By Jeffrey Heller and Nidal al-Mughrabi
JERUSALEM/GAZA (Reuters) - Israel has "marked for death" Hamas spiritual leader Ahmed Yassin, following a suicide bombing that killed four Israeli security personnel in Gaza, Israel's deputy defense chief said on Friday.
The wheelchair-bound Muslim cleric attended Friday prayers as usual at a mosque near his Gaza City home and told reporters he would embrace "martyrdom." A Palestinian cabinet minister said Israel was playing with fire by making the threat.
Hamas, an Islamic group dedicated to Israel's destruction, claimed responsibility for Wednesday's bombing by a Palestinian mother of two at a border industrial zone. It killed three soldiers and a security officer, further undermining chances of reviving a U.S.-backed peace plan.
"He is marked for death and he had better dig deep underground, where he won't be able to tell the difference between day and night," Deputy Defense Minister Zeev Boim said of Yassin.
"We will find him in his tunnels and liquidate him," he told Army Radio.
Palestinian cabinet minister Saeb Erekat told Reuters: "Escalating the Israeli policy of assassinations will... lead to more escalation and a widening of the cycle of violence, bloodshed and chaos."
Yassin survived with only a slight hand injury an Israeli assassination attempt in September, when a warplane bombed a Gaza building just as he and other Hamas leaders were leaving.
On Thursday, Prime Minister Ariel Sharon's deputy, Ehud Olmert, threatened renewed military strikes on Palestinian militants "planning or setting in motion acts of murder."
Along with a steep drop in suicide bombings in Israel, the army has scaled back its attacks on Hamas leaders after a series of largely failed attempts to kill them in the summer.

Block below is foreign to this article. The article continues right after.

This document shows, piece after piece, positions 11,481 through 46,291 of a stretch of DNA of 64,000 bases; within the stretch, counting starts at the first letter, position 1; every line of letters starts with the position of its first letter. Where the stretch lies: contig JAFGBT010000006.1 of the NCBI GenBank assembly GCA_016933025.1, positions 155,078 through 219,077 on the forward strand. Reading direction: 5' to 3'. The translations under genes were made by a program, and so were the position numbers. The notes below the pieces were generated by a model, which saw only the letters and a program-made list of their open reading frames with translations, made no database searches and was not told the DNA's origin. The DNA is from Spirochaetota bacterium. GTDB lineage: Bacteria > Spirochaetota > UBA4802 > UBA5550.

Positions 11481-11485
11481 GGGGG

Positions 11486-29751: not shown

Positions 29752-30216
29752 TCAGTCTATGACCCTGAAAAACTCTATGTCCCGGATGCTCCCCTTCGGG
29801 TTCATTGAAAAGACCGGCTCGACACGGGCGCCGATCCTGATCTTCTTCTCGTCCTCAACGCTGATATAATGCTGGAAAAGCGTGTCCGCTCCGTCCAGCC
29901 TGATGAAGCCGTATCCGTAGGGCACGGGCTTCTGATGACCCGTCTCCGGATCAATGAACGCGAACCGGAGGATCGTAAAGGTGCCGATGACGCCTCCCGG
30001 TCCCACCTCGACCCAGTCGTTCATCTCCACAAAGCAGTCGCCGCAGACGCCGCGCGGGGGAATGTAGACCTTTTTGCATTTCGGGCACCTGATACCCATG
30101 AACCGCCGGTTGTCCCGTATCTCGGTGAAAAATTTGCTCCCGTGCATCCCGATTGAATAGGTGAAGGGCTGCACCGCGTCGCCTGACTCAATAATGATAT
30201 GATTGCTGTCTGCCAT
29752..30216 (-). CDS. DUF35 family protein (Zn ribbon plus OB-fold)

Israeli officials say army raids and a controversial barrier in the West Bank are responsible for the relative lull in attacks inside Israel. But there has been much speculation about a de facto cease-fire with Hamas, which both sides deny.
"I repeat that there is no room to speak about a truce," Yassin, surrounded by bodyguards, said outside the Gaza mosque. "Resistance must continue, until the removal of the occupation."
Asked if he feared for his life, he replied: "They have tried to kill Sheikh Ahmed Yassin before... I would like to say to them: We do not fear death threats. We are seekers of martyrdom."
He said Israel knew he had "nothing to do with military activity" carried out by Hamas's armed wing.
In Wednesday's bombing, Reem al-Reyashi, 22, detonated her explosives belt during a security check inside the Erez crossing terminal on the Gaza-Israel border. Reyashi, from a prominent merchant family, left behind a three-year-old son and a daughter aged one.
It was the first time Hamas, behind dozens of suicide attacks in Israel, has used a woman bomber. The group said it did so because of toughened Israeli security obstacles facing its male bombers.
"She started asking (to carry out a bombing) before she was married and then pursued her request after she gave birth to her first and second babies," a Hamas source said.
Reyashi's brother said her family had been unaware of her intentions. "We were shocked," Ayman al-Reyashi said, calling the bombing "an act of honor."